What a fantastic experience!
Time to send this set back to @Marplot
Thank you for the loan, my friend.
Perhaps @Stephen W Tayler can clarify any points regarding his 5.1 mix that I might have misconstrued.
Excellent work! The Royal Albert Hall mix sounds great, as well.
Enjoy, all you who can get your hands on this.

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A 10.
Bass guitar sounds centered up front. Powerful and punchy. Creating the bottom end of the rhythm section, along with the kick drum.
Drums spread nicely along the stereo field, with certain elements emanating into the surround field.
Main vocal and acoustic guitar reside up front, though overdubs of each can appear rearward.
The surrounds host the Mellotron, which often sounds like distinct, harmonized tracks, panned left and right.
Electric guitar, tambourine, other sorts of percussion, and other strange and wonderful oddities can appear all around you.
I feel like I’m in a cave (a nicely furnished cave) on another world, listening to my great grandparents sing about their lives and my future.
What a fantastic experience!
Time to send this set back to @Marplot
Thank you for the loan, my friend.
Perhaps @Stephen W Tayler can clarify any points regarding his 5.1 mix that I might have misconstrued.
Excellent work! The Royal Albert Hall mix sounds great, as well.
Enjoy, all you who can get your hands on this.

View attachment 105543
I can't believe I have not voted on this. Thank you for the reminder. Yes, totally a 10.

My brother brought the album home from our annual Xmas trip to London way back in 1969 (we were always allowed to choose one present each, he chose this ... heaven knows what I chose, a toy Dalek for the umpteenth time, probably, or a Thunderbirds cap). And I have never stopped loving the album. And how wonderful it is that the world now also has this SWT 5.1 mix of it.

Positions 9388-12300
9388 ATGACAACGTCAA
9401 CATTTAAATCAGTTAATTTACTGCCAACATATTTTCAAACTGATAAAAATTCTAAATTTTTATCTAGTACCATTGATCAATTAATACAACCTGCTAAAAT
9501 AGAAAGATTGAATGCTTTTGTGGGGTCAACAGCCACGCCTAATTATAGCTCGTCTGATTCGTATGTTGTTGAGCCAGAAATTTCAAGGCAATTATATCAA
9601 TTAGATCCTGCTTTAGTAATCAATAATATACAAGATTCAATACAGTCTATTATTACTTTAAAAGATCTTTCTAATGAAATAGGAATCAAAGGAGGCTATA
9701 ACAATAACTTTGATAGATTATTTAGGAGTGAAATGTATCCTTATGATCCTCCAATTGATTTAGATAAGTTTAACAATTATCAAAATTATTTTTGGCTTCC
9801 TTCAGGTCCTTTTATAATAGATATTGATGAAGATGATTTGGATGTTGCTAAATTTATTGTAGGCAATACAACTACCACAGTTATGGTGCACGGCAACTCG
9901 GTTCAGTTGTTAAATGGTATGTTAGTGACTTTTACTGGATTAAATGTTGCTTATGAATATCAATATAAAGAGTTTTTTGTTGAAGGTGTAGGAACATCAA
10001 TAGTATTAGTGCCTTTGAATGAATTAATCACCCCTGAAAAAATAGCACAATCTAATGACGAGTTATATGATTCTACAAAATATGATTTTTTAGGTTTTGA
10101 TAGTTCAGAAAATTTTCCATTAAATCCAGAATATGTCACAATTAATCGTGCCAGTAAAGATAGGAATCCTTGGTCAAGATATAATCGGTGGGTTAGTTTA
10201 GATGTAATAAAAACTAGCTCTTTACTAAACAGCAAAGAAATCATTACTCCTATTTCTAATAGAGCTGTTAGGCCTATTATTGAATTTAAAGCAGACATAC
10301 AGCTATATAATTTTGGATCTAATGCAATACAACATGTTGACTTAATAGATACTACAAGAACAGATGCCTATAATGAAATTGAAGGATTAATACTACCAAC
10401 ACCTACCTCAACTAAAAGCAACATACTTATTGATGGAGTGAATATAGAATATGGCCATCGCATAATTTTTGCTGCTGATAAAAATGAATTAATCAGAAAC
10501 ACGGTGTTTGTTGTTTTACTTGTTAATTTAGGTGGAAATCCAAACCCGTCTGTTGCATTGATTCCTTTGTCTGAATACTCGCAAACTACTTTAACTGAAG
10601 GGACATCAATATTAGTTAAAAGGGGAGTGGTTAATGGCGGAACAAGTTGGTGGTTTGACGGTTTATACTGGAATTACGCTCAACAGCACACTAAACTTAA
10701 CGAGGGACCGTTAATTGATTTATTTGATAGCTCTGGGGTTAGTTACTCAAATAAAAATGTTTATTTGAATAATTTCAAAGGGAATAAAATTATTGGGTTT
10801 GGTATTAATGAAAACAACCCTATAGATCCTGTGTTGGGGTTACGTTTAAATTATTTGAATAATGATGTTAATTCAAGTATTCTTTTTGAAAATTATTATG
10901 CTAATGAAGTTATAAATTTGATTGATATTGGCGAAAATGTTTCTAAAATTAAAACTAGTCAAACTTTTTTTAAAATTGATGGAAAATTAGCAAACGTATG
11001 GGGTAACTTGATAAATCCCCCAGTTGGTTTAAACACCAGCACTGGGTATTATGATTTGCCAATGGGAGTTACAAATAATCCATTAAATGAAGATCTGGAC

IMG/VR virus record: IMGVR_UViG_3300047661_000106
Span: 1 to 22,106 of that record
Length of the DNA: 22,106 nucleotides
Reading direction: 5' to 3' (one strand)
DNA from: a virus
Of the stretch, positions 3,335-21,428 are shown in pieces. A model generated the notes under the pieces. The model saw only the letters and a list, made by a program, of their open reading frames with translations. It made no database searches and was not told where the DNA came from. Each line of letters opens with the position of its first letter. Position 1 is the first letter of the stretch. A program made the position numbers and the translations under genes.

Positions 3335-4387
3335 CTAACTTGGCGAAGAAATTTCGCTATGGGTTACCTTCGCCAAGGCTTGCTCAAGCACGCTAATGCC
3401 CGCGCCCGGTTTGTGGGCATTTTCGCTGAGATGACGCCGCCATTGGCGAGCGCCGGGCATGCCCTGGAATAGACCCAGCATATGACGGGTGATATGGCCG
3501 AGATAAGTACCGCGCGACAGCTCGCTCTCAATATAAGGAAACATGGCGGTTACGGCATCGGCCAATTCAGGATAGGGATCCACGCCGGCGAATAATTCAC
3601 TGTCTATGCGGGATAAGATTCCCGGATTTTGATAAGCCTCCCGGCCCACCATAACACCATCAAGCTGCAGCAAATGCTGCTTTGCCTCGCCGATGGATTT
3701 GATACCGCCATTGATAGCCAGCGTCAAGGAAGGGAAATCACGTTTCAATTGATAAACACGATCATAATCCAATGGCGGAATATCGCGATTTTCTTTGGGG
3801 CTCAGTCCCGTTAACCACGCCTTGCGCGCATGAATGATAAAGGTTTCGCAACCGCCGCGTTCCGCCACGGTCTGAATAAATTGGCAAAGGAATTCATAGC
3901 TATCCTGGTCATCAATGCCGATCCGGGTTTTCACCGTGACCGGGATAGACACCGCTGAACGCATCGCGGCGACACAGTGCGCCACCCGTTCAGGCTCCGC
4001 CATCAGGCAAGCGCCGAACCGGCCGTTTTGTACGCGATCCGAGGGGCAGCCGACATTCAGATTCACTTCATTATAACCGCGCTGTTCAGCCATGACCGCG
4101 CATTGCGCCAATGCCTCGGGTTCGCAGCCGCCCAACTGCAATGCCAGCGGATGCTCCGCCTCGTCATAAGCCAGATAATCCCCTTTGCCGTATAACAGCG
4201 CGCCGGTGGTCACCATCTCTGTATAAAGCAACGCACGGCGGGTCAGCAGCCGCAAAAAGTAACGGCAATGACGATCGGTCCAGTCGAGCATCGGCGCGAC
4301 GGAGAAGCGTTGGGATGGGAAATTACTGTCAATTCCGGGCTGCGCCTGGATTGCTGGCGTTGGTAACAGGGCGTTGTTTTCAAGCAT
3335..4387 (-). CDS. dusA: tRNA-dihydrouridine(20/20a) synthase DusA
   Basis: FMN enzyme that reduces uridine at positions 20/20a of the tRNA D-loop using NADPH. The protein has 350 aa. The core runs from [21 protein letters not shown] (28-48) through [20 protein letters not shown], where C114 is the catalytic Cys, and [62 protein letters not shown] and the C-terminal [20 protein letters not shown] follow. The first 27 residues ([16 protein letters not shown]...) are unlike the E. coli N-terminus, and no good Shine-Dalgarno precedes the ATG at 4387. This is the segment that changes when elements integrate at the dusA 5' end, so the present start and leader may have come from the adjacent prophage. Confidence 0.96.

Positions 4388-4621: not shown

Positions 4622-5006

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A 10.
Bass guitar sounds centered up front. Powerful and punchy. Creating the bottom end of the rhythm section, along with the kick drum.
Drums spread nicely along the stereo field, with certain elements emanating into the surround field.
Main vocal and acoustic guitar reside up front, though overdubs of each can appear rearward.
The surrounds host the Mellotron, which often sounds like distinct, harmonized tracks, panned left and right.
Electric guitar, tambourine, other sorts of percussion, and other strange and wonderful oddities can appear all around you.
I feel like I’m in a cave (a nicely furnished cave) on another world, listening to my great grandparents sing about their lives and my future.
What a fantastic experience!
Time to send this set back to @Marplot
Thank you for the loan, my friend.
Perhaps @Stephen W Tayler can clarify any points regarding his 5.1 mix that I might have misconstrued.
Excellent work! The Royal Albert Hall mix sounds great, as well.
Enjoy, all you who can get your hands on this.

View attachment 105543
Thank you for the kind words and appreciation!!

This was a challenging task to create a new mix, as are many of the projects from that era were recorded onto quite restricted formats. It depended always on the production approach and the available technology.

Most of this material was recorded onto 8 track tape and many projects had been only on 4 track at that time! These occasionally complex arrangements were frequently recorded in a manner such as this - the band would perform the backing and even some overdubs, which would be balanced and mixed down to a stereo pair of tracks, frequently drums, bass, guitar and some keyboards. Then a set of overdubs might be made that could be mellotron, some backing vocals, more guitar and even some orchestration, and these would be mixed down to a second stereo pair of tracks. Then the remaining 4 tracks could be used for lead vocals, solos or other addition parts. So there was a lot of decisions made and commitment at the time. Occasionally the recordings prior to the 'bounce down' existed on separate reels, so these could be incorporated, but they were not always kept.

Now modern technology and techniques allow for a certain amount of deconstruction and restoration from previously mixed content on those stereo pairs, so it means quite a lot of control for a new mix approach - it depends on one's intentions and attitude!!

All the best, SWTx
 
On another subject - The Royal Albert Hall concert.... this was recorded on 8 tracks too - drums, bass, guitar, mellotron each on a mono track, all the vocals were recorded direct to a stereo pair, all five vocal microphones always open and there was a lot of bleed from the instruments and PA, and then then a couple of mics for the 'room' sound for the audience.

It was not very easy to create a particular surround picture, but what I tried to do was create the feeling of being in the very ambient and echoey Albert Hall, as it was especially back in those days!! I have been to many concerts there even back then - so I know ( I joined the Royal College of Music as a student in 1971, which is directly behind the RAH)!

To me personally it feels more appropriate than the original mix - which of course still exists anyway. SWT